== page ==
“It is nostalgia. Everyone knew what that Old El Paso box meant.”
So said the ever-wise Jessica Crockett as we conducted a conversation about last night’s dinner.
I had had a hankering for tacos. But not el pastor tacos. Or lengua or chorizo. Heck, not even chicken. The truth is, I didn’t want today’s terrific tacos at all.
I wanted tacos from the ’80s.
You know, the ones with cheddar cheese. And iceberg lettuce. And taco seasoning poured from a pouch.
Last Thanksgiving, I conducted an experiment. After having made enough mashed potatoes and gravy to feed a not-very-small army, I decided I would test my limits. I would eat mashed potatoes and gravy every lunch and dinner until, a), we ran out, or, b), I got too sick of them to eat anymore.
Result? After seven days and 14 straight meals, we ran out potatoes.
Last week, I lost my daytimer.
That may not sound like a big deal, certainly not one deserving of its own paragraph, but I can assure you it-a was-a veray bigga deal to me. I even temporarily developed an Italian accent.
There are a few elements that made the experience especially disturbing.
- I am too stupid to graduate to electronic daytiming, so everything is written down in my old-school daytimer, including (and don’t tell anyone) all of my passwords.
- I was keenly aware of the last time I used it, which was only 16 hours before I couldn’t find it.
The event made me remember interesting behavior that surfaces when I’m looking for the lost. This thus (and yes, I’ve been waiting my whole life to place those two words beside each other) made me curious to know if you react in the same way.
Yesterday, I opened my inbox to discover I had 627 new messages. This was interesting to me, given that:
- I am not important.
- I am not popular.
- I don’t especially like to shop.
- And I am not overly interested. In general.
But, somehow, over the course of a year, my incoming mail has become an onslaught. And so, I find myself smack dab inside Unsubscribe Season, during which I scrutinize every email I receive and decide whether or not to breakup forever with its sender.
Well, folks, you’re looking at one big, fat hypocrite over here. I’m not proud of it, although, surprisingly, I’m not especially apologetic either.
Still, it seemed important to make that admission and to make it publicly. Because, at the end of the day, I know what I am. I’ve become something I’ve always felt pretty comfortable being critical of.
It started, as all good stories do, at T.J. Maxx last weekend.
The goal was to get home for Canadian Thanksgiving this past weekend.
Standing in my way was a monster blizzard that seemed intent on sitting over Winnipeg, Manitoba, and blowing two feet of snow upon it.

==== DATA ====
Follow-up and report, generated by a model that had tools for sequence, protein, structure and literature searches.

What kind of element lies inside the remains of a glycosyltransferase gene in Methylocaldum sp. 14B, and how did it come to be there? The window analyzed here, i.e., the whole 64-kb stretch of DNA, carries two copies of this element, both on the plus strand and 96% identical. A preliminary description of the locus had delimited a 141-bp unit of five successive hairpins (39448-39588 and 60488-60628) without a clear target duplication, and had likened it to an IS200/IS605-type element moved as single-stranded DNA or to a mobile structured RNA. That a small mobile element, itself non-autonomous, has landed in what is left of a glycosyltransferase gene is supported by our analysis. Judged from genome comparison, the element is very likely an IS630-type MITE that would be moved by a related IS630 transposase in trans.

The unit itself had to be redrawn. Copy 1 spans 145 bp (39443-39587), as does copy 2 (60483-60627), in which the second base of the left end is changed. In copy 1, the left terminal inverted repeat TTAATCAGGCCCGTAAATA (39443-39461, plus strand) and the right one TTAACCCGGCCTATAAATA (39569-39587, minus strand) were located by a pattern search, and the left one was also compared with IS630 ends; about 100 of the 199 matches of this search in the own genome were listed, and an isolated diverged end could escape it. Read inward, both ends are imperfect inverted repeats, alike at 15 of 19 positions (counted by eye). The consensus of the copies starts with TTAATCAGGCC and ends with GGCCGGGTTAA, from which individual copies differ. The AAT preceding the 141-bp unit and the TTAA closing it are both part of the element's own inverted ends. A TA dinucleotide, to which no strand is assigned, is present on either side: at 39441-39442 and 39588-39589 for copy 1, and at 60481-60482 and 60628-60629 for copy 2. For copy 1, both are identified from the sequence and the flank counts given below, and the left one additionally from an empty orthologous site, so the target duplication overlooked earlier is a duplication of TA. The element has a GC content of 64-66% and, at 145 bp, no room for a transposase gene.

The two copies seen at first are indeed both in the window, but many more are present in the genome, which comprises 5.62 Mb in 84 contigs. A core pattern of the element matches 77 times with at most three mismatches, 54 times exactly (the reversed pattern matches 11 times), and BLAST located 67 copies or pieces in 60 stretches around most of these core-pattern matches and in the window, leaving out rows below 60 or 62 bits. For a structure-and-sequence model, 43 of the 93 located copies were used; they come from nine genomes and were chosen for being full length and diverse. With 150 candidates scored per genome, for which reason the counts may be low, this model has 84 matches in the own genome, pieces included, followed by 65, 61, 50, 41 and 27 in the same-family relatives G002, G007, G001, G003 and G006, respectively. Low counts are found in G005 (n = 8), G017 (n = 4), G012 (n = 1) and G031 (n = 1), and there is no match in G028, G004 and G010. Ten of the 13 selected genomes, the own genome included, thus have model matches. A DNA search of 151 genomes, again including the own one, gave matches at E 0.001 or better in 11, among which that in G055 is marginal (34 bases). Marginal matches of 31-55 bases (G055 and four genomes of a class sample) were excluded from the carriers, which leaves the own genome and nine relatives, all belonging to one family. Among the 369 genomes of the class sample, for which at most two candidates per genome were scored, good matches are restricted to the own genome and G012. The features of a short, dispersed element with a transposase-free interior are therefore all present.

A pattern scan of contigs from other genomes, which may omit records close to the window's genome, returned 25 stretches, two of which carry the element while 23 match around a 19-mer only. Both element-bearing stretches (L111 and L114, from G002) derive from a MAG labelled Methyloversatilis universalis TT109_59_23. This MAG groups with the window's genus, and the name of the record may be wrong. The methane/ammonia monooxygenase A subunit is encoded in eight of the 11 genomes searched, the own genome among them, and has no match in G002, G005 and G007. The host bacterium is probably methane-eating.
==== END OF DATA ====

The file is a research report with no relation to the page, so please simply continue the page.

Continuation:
But, sitting with my snuggling dogs in Kentucky the night before my trip, my flight still showed on time. My brother was flying in from Edmonton with his wife Jennie. My Tante Denise was flying in from Montreal. And my mom was excited, desperately excited, to have her family finally assembled together once again.
So, the next morning, I set out for Cincinnati. By then, the snow had been falling in Winnipeg for 24 hours. When I texted my Australian stepdad Peter how things were looking, his response was, “Quite shitty.”
I knew there was a problem when I heard the second yelp.
I had just come back from Lexington, and Tilly the Brave, our youngest Boston Terrier, had run gleefully outside along with Fitz. While they ran into the grass, I began carting the day’s purchases inside.
When I heard the first yelp, I figured Fitz had maybe bulldozed Tilly a little too hard while they were playing.
But when I heard the second yelp, I looked over and saw that my two dogs were spinning in circles. Tight, fast circles.
A few minutes ago, I found out that the three-course dinner I will be hosting Wednesday has grown to 30 attendees.
I was expecting 15.
Which was already a little ambitious.
And, for that matter: forks.
But, in this life, we all get adrenaline rushes in different ways. And I can tell you that cooking either for a lot of people and/or preparing a crazy number of courses is how I get myself amped up to supersonic level.
We’ve come to the fourth and last week of the Makeup Monologue, and I think I’ve saved the best for last. Or I should say the worst for last since, if misapplied, this kind of makeup can really make you look like a clown.
I’m talking, of course, of skin makeup, that vast panoply of products meant to make you look like your skin is flawless and, thus, you are too. This can include, but is not exclusive to: foundation, powder, blush, highlight, contour and coverup.
Some of these are meant to make you look dewy. Some rosy. Some sparkly. Some unshiny. But always, always smooth.
Our makeup discussion continues, which I hope makes you as happy as it does me. This week, I want to focus on eyes, a treasure trove of discussion points given the galaxy of makeup options that are available to dress up your orbs.
Now, in discussing lipstick last week, I got a little personal, sentimental and even confessed my career in shoplifting. This week, we’re going to talk about eye makeup in a general way, in a “you know what I mean” way. Because there are some universal truths here that don’t need to be clouded by personal narrative, amIright?